Just how impactful have investment product and plan design innovations been on the savings habits of participants in employer-sponsored retirement plans?

This year’s How America Saves study from Vanguard—which could just as well be titled How America Has Improved the Way It Saves—sets out to put a fine point on the role managed products and automatic enrollment have had on the 4.9 million participants in the fund manager’s recordkeeping business.

When Congress passed the Pension Protection Act of 2006, it set a direct course for automatic enrollment, target-date funds, and other professionally managed options for savers.

More than a decade out, the virtues of the legislation—or at least its provisions relative to the defined contribution market—are hard to refute.

By no means are those virtues without controversy. Over the bull market, some have criticized TDFs for assuming too much equity risk for near-retirement vintages. Implicit in the criticism is that fund managers have added equity exposure to juice returns and make their products more attractive. Others have claimed it is a straight revenue grab: Underlying equity funds in TDFs yield higher fees for managers than fixed-income funds.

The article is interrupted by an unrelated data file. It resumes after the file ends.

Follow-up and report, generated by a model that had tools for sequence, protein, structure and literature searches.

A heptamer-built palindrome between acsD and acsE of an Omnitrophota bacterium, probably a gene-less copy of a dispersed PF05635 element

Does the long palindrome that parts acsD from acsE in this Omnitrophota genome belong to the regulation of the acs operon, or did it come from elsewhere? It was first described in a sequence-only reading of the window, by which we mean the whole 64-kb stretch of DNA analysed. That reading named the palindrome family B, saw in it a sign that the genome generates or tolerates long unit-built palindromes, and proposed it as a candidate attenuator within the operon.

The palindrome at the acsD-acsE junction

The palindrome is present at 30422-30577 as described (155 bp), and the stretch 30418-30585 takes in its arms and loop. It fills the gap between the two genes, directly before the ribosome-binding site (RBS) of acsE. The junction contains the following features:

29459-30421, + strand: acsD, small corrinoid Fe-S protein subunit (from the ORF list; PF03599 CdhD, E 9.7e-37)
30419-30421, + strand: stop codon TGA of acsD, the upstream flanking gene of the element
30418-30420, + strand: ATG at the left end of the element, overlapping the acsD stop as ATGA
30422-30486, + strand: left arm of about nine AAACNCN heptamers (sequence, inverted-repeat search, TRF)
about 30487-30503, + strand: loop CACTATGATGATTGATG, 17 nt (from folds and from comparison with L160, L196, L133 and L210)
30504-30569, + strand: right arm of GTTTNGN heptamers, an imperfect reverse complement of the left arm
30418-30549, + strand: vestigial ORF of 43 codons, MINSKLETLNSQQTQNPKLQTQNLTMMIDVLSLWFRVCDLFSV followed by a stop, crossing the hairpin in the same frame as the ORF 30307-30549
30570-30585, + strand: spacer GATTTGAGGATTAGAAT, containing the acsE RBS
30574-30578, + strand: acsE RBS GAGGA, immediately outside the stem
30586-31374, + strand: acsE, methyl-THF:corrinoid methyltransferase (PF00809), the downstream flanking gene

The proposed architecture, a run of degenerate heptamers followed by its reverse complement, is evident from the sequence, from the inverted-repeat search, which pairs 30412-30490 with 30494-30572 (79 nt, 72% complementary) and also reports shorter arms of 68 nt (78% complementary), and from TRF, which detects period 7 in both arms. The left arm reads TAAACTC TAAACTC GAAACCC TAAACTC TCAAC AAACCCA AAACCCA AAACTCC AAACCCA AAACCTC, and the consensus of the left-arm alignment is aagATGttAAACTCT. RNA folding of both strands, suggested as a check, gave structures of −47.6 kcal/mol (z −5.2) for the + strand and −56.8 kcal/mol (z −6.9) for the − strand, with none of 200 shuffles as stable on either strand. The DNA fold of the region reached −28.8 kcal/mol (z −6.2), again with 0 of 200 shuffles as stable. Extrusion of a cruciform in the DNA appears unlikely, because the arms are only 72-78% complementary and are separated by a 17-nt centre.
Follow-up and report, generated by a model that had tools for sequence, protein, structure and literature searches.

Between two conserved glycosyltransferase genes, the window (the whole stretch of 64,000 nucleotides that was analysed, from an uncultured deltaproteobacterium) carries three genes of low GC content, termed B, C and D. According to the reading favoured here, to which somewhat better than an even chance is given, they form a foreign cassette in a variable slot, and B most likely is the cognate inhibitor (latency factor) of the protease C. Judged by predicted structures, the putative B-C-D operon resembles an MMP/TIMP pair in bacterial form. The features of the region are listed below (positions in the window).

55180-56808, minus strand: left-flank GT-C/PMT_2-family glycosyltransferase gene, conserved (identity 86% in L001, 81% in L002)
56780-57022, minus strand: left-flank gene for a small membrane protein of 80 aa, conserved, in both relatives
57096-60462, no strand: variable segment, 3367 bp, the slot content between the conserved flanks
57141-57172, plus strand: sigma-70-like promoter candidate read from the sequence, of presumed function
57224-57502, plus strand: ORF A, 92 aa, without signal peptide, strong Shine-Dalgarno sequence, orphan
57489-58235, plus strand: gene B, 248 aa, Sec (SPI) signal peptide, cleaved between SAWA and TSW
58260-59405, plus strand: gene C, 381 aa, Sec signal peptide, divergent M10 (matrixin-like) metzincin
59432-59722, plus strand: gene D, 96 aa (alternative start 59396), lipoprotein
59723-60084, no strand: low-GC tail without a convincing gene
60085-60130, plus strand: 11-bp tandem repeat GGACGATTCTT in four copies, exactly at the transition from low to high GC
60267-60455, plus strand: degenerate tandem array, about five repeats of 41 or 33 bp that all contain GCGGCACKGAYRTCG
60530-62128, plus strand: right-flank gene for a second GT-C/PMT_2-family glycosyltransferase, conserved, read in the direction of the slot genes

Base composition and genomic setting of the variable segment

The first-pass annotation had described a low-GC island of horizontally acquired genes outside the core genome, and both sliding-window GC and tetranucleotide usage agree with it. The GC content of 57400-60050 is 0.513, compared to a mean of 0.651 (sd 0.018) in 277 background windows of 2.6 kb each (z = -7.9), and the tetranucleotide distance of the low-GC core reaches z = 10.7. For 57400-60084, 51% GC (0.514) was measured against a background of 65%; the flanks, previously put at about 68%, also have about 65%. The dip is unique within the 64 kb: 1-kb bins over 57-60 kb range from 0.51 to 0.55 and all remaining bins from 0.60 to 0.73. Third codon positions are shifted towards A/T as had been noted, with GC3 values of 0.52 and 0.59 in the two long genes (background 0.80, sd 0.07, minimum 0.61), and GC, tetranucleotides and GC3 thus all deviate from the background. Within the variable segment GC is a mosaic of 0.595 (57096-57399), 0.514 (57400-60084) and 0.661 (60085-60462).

Whatever the merits of those criticisms may be, the impact of managed products—and auto-enrollment—on improving not just participation rates but asset allocation habits is irrefutable.

Vanguard found that when participants construct their own portfolios, 10 percent hold “extreme” allocations—defined as either 0 percent or 100 percent in equities. Since the advent of TDFs, by comparison, three-quarters of Vanguard participants now have broadly diversified portfolios, up from 50 percent a decade ago.

Vanguard has clearly benefited from the TDF revolution. For the past several years it has stood atop the TDF industry, holding more than $650 billion in assets. In 2017, 54 percent of all cash flow to TDFs went to Vanguard’s series, according to Morningstar.

Here are 10 takeaways from this year’s How America Saves Report.